Pompeii’s Pyroclastics Phollow-up

T’other day we had a couple of postings mentioning the final hours of Pompeii, both of which used the dreaded “lava” word in their various descriptions (which commenter Walter Muzzy pointed out: Blogosphere ~ Top 5 Representations of Pompeii (from Pop Classics) and Reconstructing the classics: from Pompeii to Athens. (Mary Beard)). It apparently also got the ‘ire’ of Dana Hunter over at Scientific American going enough to write Mary Beard:

[…] So how could Cambridge Professor Mary Beard, who had actually written books about Pompeii, get that important geological detail so very wrong? I figured I’d better ask. We had a brief conversation on Twitter, which brought to light the fact that she uses the word “lava” as a way of saying she’s not a volcanologist, and her book isn’t about the eruption but about life in Pompeii (not just the last few minutes of it). Fair enough. I asked her if she could at least use ash instead, to spare the feelings of geologists everywhere, and we ended up deciding that the Italian word “fango,” which means “mud,” must be popularized. It wasn’t mud that destroyed Pompeii, but the pyroclastic flow deposits did get reworked into lahars by water after deposition, so I’ll take it.** I’m glad Professor Beard wrote this article, and I’m even glad she made geologists the world over grind their teeth, because it’s a thought-provoking look at how we react to the people of Pompeii. It also points out that the city we see today is a lot more put together than Vesuvius left it. And her intentional use of the word “lava” makes us look harder at what really happened to Pompeii. I think a lot of us see the restored ruins and think of ash raining down, almost gently. Sure, it suffocated people and buried them, but it also lovingly preserved the buildings. Look! Even crockery is intact!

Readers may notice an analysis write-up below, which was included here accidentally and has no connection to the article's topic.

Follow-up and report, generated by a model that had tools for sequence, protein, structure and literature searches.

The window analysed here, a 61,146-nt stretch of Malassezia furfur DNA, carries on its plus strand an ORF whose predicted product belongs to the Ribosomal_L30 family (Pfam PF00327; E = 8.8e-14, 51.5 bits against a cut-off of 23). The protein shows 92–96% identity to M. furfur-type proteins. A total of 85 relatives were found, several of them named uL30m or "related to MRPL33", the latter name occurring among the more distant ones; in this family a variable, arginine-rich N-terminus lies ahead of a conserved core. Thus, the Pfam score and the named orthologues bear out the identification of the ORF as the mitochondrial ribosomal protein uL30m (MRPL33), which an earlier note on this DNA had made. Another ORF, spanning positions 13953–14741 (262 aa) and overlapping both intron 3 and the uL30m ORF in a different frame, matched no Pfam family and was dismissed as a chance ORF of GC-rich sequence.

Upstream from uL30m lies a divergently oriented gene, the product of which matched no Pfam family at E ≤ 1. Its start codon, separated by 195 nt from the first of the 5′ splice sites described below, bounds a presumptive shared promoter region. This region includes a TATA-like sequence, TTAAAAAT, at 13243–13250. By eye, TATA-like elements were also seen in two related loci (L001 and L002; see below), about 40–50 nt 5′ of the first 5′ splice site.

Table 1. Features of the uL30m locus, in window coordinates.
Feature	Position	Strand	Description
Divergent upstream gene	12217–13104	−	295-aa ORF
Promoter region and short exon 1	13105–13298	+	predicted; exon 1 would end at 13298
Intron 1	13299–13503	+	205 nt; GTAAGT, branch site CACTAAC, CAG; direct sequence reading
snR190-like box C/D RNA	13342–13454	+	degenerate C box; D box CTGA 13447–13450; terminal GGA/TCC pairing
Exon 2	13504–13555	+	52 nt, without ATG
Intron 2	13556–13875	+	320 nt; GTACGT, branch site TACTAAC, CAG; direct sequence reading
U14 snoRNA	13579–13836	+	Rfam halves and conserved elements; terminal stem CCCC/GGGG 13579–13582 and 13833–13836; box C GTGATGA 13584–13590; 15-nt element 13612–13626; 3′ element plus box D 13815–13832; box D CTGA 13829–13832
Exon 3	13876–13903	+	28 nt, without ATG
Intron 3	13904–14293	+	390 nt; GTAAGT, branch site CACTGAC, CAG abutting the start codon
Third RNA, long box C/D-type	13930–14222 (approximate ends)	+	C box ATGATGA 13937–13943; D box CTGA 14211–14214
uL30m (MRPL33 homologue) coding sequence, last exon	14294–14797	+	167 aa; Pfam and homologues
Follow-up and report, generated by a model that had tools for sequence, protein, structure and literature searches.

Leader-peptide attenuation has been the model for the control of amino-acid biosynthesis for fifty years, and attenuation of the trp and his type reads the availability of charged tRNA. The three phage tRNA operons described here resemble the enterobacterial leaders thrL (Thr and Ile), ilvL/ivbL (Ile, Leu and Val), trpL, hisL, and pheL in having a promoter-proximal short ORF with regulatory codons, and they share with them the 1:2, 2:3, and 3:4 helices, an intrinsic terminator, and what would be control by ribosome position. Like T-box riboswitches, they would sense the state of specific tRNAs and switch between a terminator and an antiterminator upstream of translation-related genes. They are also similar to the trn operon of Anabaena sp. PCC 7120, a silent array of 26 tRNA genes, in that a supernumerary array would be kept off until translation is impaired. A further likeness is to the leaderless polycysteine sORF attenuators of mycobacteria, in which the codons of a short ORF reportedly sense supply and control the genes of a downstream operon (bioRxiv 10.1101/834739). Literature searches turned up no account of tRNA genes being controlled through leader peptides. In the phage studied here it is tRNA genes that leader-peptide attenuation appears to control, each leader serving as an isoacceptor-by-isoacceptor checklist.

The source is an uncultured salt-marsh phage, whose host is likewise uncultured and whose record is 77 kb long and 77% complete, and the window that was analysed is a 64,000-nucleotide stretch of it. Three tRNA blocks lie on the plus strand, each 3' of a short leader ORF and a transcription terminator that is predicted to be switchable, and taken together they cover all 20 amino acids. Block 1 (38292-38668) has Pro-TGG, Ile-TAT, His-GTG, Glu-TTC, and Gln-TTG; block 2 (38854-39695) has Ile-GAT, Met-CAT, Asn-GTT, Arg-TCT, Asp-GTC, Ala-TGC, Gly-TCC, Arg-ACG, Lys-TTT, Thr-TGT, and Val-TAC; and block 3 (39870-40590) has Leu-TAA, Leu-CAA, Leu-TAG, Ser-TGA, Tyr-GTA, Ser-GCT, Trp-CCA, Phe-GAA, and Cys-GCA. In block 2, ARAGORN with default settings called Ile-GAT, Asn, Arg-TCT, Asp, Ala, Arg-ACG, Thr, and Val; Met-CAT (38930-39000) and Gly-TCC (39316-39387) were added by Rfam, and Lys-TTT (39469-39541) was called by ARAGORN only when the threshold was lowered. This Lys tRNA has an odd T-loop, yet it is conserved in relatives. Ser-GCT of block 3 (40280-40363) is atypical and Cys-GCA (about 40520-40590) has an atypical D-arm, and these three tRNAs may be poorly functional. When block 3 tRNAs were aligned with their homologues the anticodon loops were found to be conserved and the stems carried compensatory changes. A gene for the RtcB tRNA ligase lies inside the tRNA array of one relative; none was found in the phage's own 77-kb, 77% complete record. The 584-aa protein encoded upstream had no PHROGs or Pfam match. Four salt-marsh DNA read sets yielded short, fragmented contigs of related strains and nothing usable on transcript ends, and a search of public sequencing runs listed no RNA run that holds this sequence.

… the article goes on to give a very nice discussion of the various phases of destruction at Pompeii.

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